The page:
Let’s consider our portion sizes…

It’s not always the foods we choose that are the problem when it comes to managing our weight or our blood sugars.  Sometimes we are just eating too much!  Whether the calories are coming from healthy whole foods or higher calorie foods, any time we eat or drink more energy than our body needs, the extra energy will be stored as fat.

Let’s take a few minutes to consider whether we can start to reduce the amount of food we eat and I will give you a few tips and tricks to make these changes.

Our portion sizes have grown over the last 20 years, so what we believe to be a portion is often 2, 3 or even 4 times the size of an actual serving size. This can lead to an increase in our calorie, fat and sugar intake, and over time, weight gain.

 

Here are some things to consider when you are eating and drinking foods that are often served in large portion sizes…

 

What changes can we make?

1. Switch the dishes you use at home: Use smaller plates and bowls.  This will help you to serve yourself less, but it will still look like a good portion of food–it’s trickery for your eyes.

2. Measure out your portions for a few days to see what servings of food look like on your plate.  Aim for at least 1 cup of vegetables (or more if you can), 1 – 1.5 cups of starch with dinner (smaller amounts for women), 3-4 oz of protein for women and about 6 oz protein for men at dinner (3 oz = size of a small deck of cards or size of your palm, thickness of your baby finger)

3. If you are out for a meal, ask for a container to take food home in and put half of your meal in there before you eat your meal.  Yeah!  You get to have a delicious meal twice, and you save yourself cooking for a meal!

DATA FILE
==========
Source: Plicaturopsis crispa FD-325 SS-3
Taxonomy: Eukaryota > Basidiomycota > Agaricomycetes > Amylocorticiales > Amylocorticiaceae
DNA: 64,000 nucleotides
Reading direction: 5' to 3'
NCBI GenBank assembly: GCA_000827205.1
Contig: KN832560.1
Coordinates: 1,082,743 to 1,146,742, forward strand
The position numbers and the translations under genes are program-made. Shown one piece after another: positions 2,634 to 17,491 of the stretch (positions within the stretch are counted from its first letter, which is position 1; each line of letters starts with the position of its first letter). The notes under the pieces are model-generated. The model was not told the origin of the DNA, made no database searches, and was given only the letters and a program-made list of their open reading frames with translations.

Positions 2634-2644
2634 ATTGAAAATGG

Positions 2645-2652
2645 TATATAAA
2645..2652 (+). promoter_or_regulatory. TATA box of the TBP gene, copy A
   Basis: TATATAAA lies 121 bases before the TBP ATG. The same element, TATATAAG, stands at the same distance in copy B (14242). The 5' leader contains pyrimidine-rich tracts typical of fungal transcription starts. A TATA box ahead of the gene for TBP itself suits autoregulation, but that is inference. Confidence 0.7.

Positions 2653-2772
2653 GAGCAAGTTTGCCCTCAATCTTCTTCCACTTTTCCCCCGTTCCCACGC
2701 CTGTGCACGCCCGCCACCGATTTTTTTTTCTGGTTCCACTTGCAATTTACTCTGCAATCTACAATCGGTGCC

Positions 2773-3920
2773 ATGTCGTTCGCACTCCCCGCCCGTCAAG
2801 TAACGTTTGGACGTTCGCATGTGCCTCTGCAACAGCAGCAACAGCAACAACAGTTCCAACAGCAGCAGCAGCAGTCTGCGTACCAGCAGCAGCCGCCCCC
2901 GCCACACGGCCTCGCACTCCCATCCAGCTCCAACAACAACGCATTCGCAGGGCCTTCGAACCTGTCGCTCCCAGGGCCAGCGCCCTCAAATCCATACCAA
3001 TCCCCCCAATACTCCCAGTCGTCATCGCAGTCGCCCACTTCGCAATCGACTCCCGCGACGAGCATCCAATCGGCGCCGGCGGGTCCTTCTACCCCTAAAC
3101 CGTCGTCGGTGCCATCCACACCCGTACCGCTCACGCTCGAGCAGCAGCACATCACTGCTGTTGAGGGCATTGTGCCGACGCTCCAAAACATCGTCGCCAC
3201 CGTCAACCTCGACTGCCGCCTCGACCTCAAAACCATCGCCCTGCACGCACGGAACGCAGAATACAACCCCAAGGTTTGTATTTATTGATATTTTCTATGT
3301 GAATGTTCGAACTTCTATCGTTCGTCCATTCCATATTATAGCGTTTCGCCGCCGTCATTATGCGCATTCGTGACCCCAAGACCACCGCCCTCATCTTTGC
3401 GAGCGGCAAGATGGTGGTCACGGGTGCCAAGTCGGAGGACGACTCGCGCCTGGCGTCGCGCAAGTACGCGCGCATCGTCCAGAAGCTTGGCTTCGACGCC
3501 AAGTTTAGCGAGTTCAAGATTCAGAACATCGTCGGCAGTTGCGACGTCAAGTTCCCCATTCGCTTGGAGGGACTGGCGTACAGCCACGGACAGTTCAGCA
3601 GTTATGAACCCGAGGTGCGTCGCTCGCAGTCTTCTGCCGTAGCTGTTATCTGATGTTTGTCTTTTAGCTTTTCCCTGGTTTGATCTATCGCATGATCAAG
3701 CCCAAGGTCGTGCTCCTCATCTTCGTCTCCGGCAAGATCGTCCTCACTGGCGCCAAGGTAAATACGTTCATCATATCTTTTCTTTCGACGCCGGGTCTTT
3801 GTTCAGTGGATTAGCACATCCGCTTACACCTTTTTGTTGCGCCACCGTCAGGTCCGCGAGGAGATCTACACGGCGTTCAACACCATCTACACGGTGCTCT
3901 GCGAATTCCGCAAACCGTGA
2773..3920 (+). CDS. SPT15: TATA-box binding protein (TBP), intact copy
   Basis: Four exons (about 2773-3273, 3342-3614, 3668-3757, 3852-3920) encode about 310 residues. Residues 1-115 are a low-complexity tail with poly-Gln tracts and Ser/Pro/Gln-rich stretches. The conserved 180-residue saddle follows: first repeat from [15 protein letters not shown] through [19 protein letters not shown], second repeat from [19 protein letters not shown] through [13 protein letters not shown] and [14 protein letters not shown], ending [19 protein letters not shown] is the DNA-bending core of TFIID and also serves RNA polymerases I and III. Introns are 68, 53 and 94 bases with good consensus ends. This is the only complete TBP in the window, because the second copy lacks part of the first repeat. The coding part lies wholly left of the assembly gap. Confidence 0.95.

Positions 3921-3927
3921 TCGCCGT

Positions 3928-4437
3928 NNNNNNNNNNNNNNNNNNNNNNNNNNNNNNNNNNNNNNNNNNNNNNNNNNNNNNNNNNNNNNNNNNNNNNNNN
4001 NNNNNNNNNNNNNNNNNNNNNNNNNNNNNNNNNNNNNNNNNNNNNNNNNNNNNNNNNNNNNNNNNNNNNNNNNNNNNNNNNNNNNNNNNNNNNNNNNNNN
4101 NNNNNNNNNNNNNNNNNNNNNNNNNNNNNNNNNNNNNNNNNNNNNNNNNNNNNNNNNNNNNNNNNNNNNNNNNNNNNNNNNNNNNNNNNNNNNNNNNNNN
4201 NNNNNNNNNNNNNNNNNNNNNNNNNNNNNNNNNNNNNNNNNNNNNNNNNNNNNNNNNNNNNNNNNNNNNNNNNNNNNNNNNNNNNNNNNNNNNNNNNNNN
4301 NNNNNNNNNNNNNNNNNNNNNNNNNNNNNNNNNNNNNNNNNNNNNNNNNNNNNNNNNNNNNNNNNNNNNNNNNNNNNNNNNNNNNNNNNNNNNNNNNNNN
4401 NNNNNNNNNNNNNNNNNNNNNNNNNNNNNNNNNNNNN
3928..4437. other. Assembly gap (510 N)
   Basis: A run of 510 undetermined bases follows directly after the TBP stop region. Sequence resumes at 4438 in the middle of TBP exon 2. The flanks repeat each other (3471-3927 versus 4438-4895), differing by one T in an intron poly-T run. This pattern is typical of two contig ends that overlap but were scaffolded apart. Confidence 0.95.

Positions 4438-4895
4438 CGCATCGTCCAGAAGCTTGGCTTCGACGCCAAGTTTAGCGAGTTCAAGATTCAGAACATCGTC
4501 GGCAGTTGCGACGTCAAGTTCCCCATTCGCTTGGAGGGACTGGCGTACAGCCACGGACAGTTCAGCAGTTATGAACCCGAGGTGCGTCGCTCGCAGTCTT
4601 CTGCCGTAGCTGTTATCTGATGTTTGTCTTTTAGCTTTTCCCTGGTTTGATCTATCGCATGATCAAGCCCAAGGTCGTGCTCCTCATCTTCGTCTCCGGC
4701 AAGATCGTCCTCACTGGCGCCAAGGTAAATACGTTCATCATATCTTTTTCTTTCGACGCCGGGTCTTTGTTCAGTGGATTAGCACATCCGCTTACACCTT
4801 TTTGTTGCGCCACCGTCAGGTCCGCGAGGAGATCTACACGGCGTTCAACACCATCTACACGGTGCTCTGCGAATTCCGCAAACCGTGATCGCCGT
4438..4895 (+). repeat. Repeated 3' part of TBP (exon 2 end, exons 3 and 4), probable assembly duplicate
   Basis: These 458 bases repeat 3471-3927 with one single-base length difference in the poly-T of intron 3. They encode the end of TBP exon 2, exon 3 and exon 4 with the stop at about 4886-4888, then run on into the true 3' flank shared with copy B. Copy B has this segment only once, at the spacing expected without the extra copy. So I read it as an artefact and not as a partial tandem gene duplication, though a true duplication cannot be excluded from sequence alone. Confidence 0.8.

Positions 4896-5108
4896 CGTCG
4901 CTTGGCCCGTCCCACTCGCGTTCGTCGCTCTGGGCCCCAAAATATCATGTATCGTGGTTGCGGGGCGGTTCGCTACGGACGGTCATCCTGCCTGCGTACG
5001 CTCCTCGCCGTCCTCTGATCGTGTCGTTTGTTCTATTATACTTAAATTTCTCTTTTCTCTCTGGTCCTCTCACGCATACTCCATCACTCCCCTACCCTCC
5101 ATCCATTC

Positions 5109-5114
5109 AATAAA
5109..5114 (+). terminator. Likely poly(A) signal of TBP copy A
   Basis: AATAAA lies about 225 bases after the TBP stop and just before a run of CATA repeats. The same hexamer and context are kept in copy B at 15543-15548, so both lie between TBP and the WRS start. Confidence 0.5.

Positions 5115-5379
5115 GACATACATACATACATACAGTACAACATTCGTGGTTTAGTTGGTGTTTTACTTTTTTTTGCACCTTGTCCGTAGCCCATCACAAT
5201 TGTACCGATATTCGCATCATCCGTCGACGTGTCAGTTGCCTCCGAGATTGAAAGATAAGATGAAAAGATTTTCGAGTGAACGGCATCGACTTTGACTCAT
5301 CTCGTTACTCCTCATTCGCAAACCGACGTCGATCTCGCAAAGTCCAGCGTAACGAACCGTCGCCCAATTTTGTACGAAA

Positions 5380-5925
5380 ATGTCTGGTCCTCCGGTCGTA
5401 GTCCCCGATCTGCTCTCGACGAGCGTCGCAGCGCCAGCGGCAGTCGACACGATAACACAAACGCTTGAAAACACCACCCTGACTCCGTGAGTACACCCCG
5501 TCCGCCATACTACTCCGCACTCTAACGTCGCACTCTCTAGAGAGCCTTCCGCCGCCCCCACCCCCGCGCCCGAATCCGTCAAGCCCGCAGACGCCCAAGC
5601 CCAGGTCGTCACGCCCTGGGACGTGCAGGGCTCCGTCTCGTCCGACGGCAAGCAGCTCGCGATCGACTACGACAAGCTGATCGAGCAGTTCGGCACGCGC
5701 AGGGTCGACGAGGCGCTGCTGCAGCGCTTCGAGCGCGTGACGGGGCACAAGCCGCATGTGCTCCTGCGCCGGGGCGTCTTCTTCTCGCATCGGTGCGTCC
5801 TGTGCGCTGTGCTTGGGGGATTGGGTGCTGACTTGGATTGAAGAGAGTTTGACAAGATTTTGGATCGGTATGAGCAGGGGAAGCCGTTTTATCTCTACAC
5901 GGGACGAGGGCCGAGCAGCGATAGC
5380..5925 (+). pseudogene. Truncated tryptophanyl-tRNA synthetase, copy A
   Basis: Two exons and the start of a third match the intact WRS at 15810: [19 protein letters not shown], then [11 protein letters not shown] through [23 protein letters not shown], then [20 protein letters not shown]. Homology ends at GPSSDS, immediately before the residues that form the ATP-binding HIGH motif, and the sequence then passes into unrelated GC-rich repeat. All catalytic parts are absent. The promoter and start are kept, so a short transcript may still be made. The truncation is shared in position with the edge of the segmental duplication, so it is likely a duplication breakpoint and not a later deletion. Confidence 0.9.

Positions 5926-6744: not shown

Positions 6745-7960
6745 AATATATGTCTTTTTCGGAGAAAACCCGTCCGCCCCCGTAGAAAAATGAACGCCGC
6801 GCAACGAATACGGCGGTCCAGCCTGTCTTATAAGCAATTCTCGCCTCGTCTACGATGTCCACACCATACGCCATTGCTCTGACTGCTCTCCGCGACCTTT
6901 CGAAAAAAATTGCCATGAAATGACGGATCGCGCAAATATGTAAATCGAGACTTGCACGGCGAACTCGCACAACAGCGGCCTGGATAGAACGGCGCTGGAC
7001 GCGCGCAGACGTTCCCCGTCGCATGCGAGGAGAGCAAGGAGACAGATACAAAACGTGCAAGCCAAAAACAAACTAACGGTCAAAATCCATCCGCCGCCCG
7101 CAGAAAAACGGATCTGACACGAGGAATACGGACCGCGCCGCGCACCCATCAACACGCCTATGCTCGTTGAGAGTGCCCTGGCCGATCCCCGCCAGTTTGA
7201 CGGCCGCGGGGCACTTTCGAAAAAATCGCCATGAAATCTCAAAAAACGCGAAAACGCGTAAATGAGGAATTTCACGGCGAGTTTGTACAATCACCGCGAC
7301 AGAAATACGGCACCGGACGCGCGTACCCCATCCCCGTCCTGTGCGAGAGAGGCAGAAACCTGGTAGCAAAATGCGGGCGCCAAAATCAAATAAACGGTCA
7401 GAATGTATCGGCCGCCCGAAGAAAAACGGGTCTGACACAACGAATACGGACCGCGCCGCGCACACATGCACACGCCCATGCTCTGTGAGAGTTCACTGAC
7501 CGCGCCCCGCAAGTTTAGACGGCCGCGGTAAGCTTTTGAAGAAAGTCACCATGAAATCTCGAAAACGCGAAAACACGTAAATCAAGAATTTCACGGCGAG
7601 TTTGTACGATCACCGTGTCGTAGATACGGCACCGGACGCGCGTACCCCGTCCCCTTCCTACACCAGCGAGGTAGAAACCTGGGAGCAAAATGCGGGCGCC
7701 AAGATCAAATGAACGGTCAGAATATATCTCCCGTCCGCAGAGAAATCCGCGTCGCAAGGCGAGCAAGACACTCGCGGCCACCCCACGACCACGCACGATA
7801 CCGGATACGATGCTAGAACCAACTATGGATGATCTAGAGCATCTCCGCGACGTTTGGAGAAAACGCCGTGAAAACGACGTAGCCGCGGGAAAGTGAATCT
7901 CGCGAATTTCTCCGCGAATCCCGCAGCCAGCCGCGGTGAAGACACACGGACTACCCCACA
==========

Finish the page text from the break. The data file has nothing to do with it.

4. Avoid having serving dishes of food on the table where you are eating–otherwise known as the See-Food diet.  When it is in front of us, we are much more likely to go for seconds because of the constant reminder that it is there.  If we have to get up for seconds, we may be less likely to do so.  Keep extras away from where you are eating, or even put extras away into the fridge right away to avoid picking at the leftovers after the meal.

5. Along those same lines–avoid going for seconds, or WAIT 10-15 minutes before deciding whether you need seconds.  Give your body some time to register the food you have eaten.  When going for seconds, go for more vegetables first.

6. Eat SLOWLY!  Put your fork down between bites.  Take sips of water between bites.  Use chopsticks.  Enjoy good dinnertime conversations.  Pacing your eating means you are giving your body time to register your fullness.

7. Pre-portion your snacks–put chips, popcorn, candies, chocolates, ice cream etc. into small bowls or ramekins.

8. Limit your food choices–have you ever noticed how much more we eat at a buffet or potluck compared to when there are fewer choices for food?  When we want to try a lot of different foods, the more that is available, the more we will eat, so, have less variety available, avoid buffets, stick with one protein, one starch and 2-3 vegetable options at a meal.  If going to a potluck, bring a healthy food that you want to eat that is packed with vegetables!

Last thing. At meal times, always aim to have half of your plate as vegetables, a quarter of your plate as starch and the other quarter as your protein!!

Make your plate look like this! Keeping in mind that this plate is 9 inches in diameter, compared to most of our plates that are 12 inches or more!!

Now it’s time for you to set a goal.  What is one thing that you are going to do to try to reduce your portion sizes???  Who is brave enough in the group to share their goal and be the first to post a comment on the blog???